Circle(s) of Trust in Financial Services

Circle(s) of Trust in Financial Services

December 26, 2022

The “Circle of Trust” was a concept introduced in the Fall of 2000 which, admittedly, was explored in a film with no relation to banking or financial services.  Notwithstanding its origin, when applying the concept of the Circle of Trust (or, for our purposes, Circles of Trust) to financial services, one discovers that it can be fundamental in considering the relationships between financial institutions (FIs) and their various constituencies.  The importance of trust and the concept of Circles of Trust has broad applicability to the essential and often overlapping relationships in financial services.  In today’s world, one need not search for too long to find evidence of growing societal distrust permeating in areas such as politics, journalism, and financial services, or the failure of financial innovations (e.g., crypto) to eliminate the need for trust.  We know that a significant factor of success in financial services, however, is often a product of effectively cultivating and maintaining trust.  For example, statistics have shown that customers with greater trust in their primary FI utilize more products and services (e.g., additional accounts), are more likely to recommend the FI, and prefer the FI’s brand over competitors.  With that in mind, FIs ought to be formulating strategies focused on establishing and maintaining their Circles of Trust.

Circles of Trust for FIs include customers (business and consumer), employees, regulators, fintechs, management, investors, communities, and technology vendors, among others.  While each of these constituencies merit ample consideration by FIs on an individual basis, there is often an implicit and/or explicit interplay amongst the different constituencies.  Regulators, for instance, are mandated to oversee FIs and their relationships with consumers, which, in turn, may take the form of enhanced supervision over FI-fintech relationships.  FIs create an incentivized relationship with some employees to establish and grow relationships with consumers.  Fintechs bring solutions to FIs to manage relationships with consumers, employees, and regulators.  The examples of interplay go on and on.  Further, the relevant Circles of Trust may not be the same for each FI, so identifying and catering to the Circles of Trust most relevant to your FI should be a critical part of your strategy.

Underpinning each of these interrelated and potentially dependent relationships, however, is trust (or the lack thereof).  Although regulators in the United States grant special business licenses to FIs in the form of a bank charter, regulators still trust that FIs will operate appropriately.  Similarly, most consumers expect FIs will fund loans and return deposit dollars based on trust.  Of course, legal constructs are in place (e.g., contracts and deposit insurance) and enforcement mechanisms exist (consumers leave FIs, FIs fire employees, regulators punish FIs for infractions, etc.).  But laws and enforcement mechanisms can only supplement the trust in these relationships, they cannot replace it.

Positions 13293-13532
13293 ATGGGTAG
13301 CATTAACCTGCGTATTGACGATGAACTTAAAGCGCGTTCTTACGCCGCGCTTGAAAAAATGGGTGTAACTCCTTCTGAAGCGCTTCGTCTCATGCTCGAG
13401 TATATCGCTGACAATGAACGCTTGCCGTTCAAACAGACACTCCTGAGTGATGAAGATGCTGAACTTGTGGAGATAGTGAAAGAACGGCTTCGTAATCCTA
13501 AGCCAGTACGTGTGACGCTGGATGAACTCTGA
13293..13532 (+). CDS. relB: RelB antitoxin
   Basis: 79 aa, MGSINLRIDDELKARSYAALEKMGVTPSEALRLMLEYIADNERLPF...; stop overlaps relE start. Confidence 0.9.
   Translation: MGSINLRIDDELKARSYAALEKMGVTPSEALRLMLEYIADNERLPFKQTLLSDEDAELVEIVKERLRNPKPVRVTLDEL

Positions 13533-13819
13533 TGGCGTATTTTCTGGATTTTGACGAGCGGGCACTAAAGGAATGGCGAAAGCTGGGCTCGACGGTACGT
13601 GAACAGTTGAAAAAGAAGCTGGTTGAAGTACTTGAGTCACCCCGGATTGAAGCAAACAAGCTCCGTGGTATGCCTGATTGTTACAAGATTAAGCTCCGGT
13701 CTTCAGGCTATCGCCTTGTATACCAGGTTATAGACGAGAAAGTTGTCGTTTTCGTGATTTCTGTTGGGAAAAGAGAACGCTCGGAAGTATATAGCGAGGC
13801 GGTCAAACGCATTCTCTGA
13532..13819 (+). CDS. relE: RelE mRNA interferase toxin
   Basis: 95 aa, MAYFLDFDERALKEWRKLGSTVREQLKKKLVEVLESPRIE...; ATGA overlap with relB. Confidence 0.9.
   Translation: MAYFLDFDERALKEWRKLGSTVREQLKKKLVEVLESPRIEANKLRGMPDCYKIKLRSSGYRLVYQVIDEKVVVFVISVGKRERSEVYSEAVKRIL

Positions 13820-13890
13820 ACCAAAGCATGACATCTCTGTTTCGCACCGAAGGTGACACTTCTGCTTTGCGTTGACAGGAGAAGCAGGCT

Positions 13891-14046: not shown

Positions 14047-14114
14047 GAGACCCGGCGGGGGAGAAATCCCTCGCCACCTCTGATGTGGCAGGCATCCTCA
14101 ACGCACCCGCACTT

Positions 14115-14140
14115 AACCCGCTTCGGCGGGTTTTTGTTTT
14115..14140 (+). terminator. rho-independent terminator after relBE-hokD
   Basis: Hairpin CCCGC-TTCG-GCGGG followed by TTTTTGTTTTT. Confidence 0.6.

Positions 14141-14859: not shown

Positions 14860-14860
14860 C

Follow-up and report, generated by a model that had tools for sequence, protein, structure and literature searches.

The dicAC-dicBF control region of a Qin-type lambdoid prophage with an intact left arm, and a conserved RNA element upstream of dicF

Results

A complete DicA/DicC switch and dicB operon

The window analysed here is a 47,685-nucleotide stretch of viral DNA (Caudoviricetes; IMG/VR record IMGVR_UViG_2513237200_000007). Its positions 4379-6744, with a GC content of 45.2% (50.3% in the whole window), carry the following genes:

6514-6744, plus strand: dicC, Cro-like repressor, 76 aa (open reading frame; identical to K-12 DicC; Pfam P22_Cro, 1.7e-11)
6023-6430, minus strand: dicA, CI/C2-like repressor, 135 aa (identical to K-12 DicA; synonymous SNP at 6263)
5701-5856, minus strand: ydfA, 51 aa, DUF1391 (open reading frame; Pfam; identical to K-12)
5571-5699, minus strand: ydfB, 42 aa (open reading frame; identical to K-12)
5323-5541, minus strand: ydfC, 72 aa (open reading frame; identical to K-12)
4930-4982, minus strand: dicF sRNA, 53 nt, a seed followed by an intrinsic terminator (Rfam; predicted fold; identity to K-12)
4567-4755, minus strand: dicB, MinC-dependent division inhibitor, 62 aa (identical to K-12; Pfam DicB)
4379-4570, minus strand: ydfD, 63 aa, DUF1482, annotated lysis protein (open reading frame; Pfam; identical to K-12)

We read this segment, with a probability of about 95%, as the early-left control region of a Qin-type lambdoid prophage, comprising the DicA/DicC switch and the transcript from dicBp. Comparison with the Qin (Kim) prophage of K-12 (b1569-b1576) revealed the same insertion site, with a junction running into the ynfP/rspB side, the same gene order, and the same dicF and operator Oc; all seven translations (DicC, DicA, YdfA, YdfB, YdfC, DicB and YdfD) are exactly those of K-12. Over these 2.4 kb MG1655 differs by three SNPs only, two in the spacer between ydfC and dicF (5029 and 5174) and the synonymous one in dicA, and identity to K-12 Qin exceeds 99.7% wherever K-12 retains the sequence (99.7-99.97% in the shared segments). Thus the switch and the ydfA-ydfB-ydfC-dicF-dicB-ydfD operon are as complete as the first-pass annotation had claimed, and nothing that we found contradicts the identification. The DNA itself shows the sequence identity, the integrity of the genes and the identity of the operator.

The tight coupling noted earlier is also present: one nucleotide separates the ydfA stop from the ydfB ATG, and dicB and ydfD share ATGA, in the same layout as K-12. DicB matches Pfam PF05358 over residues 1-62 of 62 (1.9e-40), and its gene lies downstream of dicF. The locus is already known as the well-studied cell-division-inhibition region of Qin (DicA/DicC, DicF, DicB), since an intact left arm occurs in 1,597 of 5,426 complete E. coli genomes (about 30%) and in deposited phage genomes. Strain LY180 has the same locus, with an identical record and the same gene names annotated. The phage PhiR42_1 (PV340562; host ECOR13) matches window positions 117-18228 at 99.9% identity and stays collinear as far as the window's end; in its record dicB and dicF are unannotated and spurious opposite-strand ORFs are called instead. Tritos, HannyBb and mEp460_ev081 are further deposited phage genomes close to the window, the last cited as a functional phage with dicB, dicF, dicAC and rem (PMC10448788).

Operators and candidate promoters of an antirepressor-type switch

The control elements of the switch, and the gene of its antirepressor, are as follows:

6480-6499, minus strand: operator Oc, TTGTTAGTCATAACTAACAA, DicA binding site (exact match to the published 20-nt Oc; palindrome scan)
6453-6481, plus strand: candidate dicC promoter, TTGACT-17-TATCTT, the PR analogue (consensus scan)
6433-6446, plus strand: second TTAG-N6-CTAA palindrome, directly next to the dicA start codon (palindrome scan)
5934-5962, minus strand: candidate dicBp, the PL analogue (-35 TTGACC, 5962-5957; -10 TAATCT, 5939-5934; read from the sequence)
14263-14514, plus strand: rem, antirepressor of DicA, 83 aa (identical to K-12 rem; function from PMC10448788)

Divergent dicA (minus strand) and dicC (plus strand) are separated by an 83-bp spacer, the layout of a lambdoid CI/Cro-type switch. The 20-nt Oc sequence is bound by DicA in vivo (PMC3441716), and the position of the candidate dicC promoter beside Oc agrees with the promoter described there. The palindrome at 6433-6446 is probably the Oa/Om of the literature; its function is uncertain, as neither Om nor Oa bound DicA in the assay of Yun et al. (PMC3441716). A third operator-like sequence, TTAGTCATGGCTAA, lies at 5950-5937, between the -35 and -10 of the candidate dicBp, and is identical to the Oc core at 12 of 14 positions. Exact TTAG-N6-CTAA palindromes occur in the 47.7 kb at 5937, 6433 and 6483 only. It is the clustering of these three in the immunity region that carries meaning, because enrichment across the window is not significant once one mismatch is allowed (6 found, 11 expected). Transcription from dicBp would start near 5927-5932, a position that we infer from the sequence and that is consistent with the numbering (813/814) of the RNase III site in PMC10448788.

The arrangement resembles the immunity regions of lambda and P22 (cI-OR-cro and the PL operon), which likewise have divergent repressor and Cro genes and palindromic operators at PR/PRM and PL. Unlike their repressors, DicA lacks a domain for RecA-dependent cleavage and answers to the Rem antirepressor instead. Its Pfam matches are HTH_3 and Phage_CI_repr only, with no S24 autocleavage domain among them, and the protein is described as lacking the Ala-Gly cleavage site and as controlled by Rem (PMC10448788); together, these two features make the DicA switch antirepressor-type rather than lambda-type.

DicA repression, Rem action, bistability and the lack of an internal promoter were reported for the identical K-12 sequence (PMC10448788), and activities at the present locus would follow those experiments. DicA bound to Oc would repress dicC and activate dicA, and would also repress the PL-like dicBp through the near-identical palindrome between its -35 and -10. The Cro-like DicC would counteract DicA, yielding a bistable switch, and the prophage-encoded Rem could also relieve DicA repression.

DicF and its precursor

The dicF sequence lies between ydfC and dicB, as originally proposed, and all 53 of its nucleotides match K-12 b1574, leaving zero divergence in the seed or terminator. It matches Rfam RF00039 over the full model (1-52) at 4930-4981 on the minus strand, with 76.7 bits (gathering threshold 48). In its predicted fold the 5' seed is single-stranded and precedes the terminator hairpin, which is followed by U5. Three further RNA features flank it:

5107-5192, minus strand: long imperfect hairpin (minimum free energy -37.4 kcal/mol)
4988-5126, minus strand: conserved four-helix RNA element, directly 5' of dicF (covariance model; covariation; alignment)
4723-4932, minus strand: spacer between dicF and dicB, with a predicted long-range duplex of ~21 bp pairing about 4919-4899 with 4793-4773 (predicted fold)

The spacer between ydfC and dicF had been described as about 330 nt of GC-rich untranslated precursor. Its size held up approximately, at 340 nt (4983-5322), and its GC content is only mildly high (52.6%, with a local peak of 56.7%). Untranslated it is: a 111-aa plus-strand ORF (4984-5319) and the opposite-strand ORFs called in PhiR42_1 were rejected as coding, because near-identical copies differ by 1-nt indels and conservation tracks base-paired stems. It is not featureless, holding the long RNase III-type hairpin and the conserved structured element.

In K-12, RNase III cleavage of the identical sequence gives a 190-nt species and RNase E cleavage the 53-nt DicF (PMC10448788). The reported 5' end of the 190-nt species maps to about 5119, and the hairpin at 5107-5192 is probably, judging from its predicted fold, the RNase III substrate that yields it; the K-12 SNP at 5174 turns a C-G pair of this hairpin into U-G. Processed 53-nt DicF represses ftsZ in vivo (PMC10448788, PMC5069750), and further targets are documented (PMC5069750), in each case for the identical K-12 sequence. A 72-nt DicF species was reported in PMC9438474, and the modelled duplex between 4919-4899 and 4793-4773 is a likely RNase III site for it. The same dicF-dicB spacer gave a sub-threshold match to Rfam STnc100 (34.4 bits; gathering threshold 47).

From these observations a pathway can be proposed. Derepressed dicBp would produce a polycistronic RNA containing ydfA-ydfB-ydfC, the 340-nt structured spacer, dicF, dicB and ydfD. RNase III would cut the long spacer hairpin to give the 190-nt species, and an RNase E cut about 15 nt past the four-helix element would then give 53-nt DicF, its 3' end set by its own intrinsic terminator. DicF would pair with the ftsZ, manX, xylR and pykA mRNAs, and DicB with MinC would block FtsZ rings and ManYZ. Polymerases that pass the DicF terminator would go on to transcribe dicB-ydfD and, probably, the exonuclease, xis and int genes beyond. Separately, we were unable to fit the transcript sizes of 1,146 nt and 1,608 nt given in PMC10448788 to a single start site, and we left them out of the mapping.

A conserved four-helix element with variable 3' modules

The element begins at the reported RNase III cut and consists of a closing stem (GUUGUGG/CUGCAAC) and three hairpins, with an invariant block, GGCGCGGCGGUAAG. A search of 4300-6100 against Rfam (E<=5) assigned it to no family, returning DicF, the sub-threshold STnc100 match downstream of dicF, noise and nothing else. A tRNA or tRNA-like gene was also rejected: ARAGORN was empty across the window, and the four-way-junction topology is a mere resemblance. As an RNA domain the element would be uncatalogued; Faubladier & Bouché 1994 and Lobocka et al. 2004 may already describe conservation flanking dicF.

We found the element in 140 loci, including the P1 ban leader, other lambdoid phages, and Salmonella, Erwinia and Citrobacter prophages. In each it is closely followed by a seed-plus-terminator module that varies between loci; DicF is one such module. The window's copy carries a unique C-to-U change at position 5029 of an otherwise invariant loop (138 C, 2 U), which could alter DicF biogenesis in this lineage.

FIs that nurture their various Circles of Trust and recognize how they are intertwined will be better positioned to achieve success through those interrelated relationships.  FIs that can demonstrate trust with their regulators, for example, will be more effective in attracting strong fintech partners that understand the importance of regulatory cooperation.  FIs exhibiting more trust with customers will be more appealing to investors and less likely to warrant scrutiny from regulators.  The converse is also true.

Creating, maintaining, and fostering continued trust with its many constituencies ought to be a foundational element of every FI’s strategy.  Similarly, FIs need to development and implement a strategy that avoids focusing on one constituency so narrowly at the risk of alienating one or multiple others, considering them all individually as well as collectively.  While the pendulum may swing from one constituency to another depending on an array of factors, FIs need to continually recognize the importance and interrelated nature of developing trust across all constituencies.  If FIs are intent on
gaining a competitive advantage through trust, then they should focus on building strategies that establish their Circles of Trust.